Experts quoted in a December 17, 2012 Washington Post article—including Michael Rich, MPH ’97 and an associate professor in the Department of Society, Human Development, and Health at Harvard School of Public Health—raised doubts about the wisdom of allowing very young children to use iPads. Rich, who also directs the Center on Media and Child Health at Boston Children’s Hospital, questioned the iPad’s benefits as a teaching tool and suggested that, like television, it could lower children’s attention spans.
Apps on the iPad and on smartphones typically focus only on one type of learning—“skills and drills”—such as prompting kids to moo when they see a cow on screen, Rich said. “What’s more important at this age is learning how to learn rather than mimicking something,” he told the Post.
Rich said using the iPad to quiet children could backfire. “You can see how a kid who already has difficulty paying attention is put in front of the television to chill him out,” he said. “It becomes a self-fulfulling prophecy.”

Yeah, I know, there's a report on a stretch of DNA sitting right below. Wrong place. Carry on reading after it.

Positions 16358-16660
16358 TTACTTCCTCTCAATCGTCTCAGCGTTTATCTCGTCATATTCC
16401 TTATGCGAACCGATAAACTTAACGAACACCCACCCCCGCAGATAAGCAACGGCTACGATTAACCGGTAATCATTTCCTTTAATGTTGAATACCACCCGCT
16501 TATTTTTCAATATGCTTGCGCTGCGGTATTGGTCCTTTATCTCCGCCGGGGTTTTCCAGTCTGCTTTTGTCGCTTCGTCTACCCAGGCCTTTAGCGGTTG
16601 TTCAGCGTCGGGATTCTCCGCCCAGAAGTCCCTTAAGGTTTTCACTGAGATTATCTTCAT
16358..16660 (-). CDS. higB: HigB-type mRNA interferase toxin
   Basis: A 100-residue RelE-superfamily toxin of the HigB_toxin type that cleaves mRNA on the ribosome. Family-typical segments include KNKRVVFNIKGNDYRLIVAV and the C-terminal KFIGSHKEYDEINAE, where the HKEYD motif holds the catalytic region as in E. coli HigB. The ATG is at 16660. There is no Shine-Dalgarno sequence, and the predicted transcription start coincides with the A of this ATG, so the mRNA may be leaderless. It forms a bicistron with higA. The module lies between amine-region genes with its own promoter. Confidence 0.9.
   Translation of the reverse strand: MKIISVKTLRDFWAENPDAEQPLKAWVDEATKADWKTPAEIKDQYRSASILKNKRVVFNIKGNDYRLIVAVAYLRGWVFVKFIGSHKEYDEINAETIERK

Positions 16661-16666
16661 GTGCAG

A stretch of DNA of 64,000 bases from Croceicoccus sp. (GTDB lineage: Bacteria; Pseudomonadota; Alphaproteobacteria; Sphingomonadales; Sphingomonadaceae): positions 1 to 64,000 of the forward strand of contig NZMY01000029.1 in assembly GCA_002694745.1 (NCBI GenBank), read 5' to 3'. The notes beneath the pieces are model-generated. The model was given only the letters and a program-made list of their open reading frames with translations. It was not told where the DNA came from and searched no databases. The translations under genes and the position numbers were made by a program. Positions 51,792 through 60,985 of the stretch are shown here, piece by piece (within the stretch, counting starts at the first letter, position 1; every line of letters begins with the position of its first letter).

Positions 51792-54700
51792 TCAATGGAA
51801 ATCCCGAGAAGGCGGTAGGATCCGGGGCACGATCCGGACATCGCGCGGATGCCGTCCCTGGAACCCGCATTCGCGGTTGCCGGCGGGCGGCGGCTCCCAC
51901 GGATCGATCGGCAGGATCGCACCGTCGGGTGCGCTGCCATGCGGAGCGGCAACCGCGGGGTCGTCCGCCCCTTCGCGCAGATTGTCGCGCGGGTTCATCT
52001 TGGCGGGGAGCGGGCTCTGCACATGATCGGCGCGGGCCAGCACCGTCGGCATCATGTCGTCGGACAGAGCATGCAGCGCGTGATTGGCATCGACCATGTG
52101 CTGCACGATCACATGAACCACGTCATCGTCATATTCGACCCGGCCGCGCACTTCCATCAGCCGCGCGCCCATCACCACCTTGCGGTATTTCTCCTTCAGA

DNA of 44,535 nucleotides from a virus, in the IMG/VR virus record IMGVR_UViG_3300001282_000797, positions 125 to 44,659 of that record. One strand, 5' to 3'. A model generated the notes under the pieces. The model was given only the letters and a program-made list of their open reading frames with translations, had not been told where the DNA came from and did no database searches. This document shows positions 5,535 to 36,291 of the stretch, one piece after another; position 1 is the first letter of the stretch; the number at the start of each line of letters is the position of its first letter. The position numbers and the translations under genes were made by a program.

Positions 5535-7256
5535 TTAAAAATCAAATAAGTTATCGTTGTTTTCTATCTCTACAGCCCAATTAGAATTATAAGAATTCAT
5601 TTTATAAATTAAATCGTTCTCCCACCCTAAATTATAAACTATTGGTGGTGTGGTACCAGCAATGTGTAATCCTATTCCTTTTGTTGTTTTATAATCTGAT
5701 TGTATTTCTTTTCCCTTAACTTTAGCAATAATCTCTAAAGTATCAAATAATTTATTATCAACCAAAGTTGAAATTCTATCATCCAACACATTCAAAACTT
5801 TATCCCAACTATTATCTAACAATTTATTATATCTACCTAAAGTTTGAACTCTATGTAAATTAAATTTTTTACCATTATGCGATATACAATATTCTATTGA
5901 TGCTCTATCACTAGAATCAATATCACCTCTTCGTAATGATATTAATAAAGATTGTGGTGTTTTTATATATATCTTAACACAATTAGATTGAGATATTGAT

Although children enjoy iPad apps such as finger painting, Rich countered that “the iPad does not give you that great feeling of paint squishing through your fingers. As much of a pain as that is for parents, think how much kids are learning about cause and effect. Not only can they draw pictures, they can make their hair all green and get a real reaction from Mom.” He added that if parents do allow their children to use an iPad, they should sit and play with them. “The fact that Mom hugs the child when she gets something right, the tone in Mom’s voice—none of that can be conveyed by the iPad,” he said.